Monday, January 21, 2019

Population 492

On August 3, 1940, the Saturday Evening Post published an article about the Outer Banks titled "Cape Stormy" by Aycock Brown. Here is an excerpt:

"Suppose you were looking for the most remote, least visited inhabited spot in the United States east of the Mississippi. My nomination would be the Carolina Outer Banks….

"…From [Roanoke Island] south there are no roads. You can travel by boat. The beach is one long landing field. You may even drive, if you know the trick of getting through deep and treacherous sand, or ride the daily station-wagon stage which struggles through the sand from Manteo to Hatteras, there connecting with a ferry to Ocracoke Island [Brown must have been writing about a passenger boat; the first car ferry I know about commenced operation about 1950]. You may, but very few do it, and so Hatteras and Ocracoke are what is known as unspoiled.













"There are half a dozen villages on Hatteras with 1154 persons in all, by the 1940 census, the one village of Ocracoke, on the island of that name, population 492. The only other settlement south of Roanoke Island is the dying village of Portsmouth, on Core Banks, which once was to have been a great port. The Banks are the only region in the United States where no license is required for an automobile, North Carolina never having spent any of its road funds there."

-----------------------------------------------------------------------------------

Remember, to be notified when we publish a new post simply add your email address in the box at the top right and click "submit." 

Monday, January 14, 2019

1976

My daughter, Amy, recently found these almost 43-year-old snapshots in an old photo album, and sent them to me. They were taken in April of 1976 aboard the 73-foot, two-masted clipper schooner, Mary E. Most of the people in the top picture are Ocracoke High School students. That is me, Philip Howard, in the bottom photo.



















As part of the 1976 Bicentennial Sail jointly sponsored by the National Park Service and "Sea Ventures," a New Jersey-based educational organization, the Mary E (she was built in 1906) was being used as learning motivation for students in schools near various East Coast Parks.

In April of that year, bound for Manteo, the Mary E made a stop at Ocracoke and was detained by bad weather for several days. While on Ocracoke Meryl Silverstein, the onboard educator, first mate, cook and deckhand, made arrangements for Ocracoke students to inspect the ship. But instead of giving them the usual 20-minute program, Capt. Teddy Charles invited them to sail to Manteo, 70 miles north. Within two hours, 13 Ocracoke high school students, three adult supervisors, Silverstein and the skipper were sailing out of the harbor with excited parents, friends and teachers waving.

You can read the history (and current location) of the Mary E here: https://www.mainemaritimemuseum.org/visit/1906-schooner-mary-e/the-history-of-mary-e/.

And you can read about the skipper, Capt. Teddy Charles, sailor and influential jazz musician, here: https://en.wikipedia.org/wiki/Teddy_Charles.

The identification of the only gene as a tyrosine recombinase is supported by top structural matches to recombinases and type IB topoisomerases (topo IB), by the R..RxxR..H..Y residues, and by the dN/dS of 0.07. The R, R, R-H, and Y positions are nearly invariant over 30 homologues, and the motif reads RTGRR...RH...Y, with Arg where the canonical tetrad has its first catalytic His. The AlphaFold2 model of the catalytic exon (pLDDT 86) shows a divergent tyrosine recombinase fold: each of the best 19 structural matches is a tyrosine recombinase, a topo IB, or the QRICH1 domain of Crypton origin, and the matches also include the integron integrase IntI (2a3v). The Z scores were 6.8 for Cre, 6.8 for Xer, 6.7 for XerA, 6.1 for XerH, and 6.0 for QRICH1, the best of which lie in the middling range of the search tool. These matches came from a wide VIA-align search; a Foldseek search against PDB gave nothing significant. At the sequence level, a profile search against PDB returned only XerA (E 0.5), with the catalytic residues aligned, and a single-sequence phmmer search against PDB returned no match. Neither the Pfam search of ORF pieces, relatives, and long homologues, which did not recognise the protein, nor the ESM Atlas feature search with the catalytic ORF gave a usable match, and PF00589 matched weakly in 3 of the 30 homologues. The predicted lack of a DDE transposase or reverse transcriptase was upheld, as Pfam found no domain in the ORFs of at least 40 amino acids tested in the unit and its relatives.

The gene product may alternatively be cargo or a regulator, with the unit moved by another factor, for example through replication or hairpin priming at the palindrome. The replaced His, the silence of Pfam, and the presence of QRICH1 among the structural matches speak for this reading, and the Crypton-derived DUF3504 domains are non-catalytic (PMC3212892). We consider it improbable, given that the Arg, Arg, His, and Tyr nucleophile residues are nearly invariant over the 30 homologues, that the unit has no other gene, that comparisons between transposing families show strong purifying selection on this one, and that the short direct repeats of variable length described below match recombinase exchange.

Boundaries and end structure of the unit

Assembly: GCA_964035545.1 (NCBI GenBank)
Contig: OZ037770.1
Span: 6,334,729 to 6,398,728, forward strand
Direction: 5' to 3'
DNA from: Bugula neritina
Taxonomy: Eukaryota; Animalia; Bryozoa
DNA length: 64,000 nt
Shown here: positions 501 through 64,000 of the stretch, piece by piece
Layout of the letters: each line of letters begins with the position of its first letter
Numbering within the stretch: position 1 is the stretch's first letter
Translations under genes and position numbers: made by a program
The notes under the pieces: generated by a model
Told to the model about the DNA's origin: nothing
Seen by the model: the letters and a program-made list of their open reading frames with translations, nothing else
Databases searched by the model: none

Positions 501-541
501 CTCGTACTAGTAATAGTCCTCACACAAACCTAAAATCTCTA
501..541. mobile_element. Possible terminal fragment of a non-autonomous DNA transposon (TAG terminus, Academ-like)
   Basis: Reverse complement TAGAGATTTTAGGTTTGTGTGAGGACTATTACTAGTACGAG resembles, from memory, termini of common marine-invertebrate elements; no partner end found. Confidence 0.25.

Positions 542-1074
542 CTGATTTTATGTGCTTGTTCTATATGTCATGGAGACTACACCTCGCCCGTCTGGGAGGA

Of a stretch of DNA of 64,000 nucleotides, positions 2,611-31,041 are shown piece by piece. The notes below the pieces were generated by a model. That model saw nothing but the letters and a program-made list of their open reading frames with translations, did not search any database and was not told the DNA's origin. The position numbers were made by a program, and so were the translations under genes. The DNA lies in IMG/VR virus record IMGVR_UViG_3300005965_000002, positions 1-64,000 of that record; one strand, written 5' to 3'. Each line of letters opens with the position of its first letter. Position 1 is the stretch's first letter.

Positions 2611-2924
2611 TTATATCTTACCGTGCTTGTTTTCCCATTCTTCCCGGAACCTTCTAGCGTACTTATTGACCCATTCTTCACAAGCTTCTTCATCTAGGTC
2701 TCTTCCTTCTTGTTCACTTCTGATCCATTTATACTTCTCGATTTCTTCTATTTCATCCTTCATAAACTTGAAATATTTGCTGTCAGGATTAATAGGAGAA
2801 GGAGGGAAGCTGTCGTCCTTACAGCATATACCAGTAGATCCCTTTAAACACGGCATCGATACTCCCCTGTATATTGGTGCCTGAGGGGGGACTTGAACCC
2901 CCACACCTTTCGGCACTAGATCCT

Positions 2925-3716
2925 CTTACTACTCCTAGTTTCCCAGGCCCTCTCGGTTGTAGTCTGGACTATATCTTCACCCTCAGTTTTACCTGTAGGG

Maybe some of our local readers can identify the students in the top photo (I can only recognize a few!). Please leave a comment if you can.

-----------------------------------------------------------------------------------

Remember, to be notified when we publish a new post simply add your email address in the box at the top right and click "submit."

Wednesday, January 09, 2019

Loaf, Swim, & Fish

The following is from a June 10, 1955, Collier’s article titled “20 New Budget Vacations” by Norman D. Ford:

 “If you’ve ever yearned for an escapist isle peopled by descendants of shipwrecked sailors, where life moves with the tides and time has stood still for the better part of a century, head for Atlantic, North Carolina. Garage your car ($5 a week) and take the daily boat to Ocracoke Island. Three hours later you bump alongside a jostling shrimp-boat fleet and clamber ashore in a new world of Elizabethan English, rolling porpoises, barefooted bankers, lighthousekeepers, skeletons of once proud ships and 16 miles of almost deserted beach.

Wreck of the Carroll A. Deering (Courtesy, M.R. Dixon)













"Beside the harbor, fishermen’s white homes rise picturesquely from the live oak and yaupon. Among them are small lodges, hotels and cottages. But there is no jail, no police officer, no bar, and you cannot buy a drink. What you can do is loaf, swim, fish (best channel-bass fishing in the Atlantic), clam, crab, slide down majestic sand dunes and explore wrecked ships. Don’t go with advance cottage reservations –accommodation is limited – and bring your own linen."

Friday, January 04, 2019

You Got to Go Out

I have frequently written about Outer Banks shipwrecks and the brave men of the United States Life-Saving Service.












The following excerpt from a 1941 Newspaper article relates one of the most widely acknowledged illustrations of the dedication of the US lifesavers.

“There are thirteen [Coast Guard] stations from the Virginia line to Beaufort; and there were twenty up to 1931. To be a great surfman, the natives agree, is the ultimate test of a man. In good weather and bad surfmen patrol the beach nightly, like sentries walking posts. It takes courage and knowing how, to walk this beach in a howling nor’easter with hissing storm tide threatening to sweep across the Banks into the sound, opening great gullies in their paths. It takes nine giants to launch a 3000-pound lifeboat through brawling breakers; brawn and skill, too, where the least hesitation might slam the heavy boat down upon their broken bodies.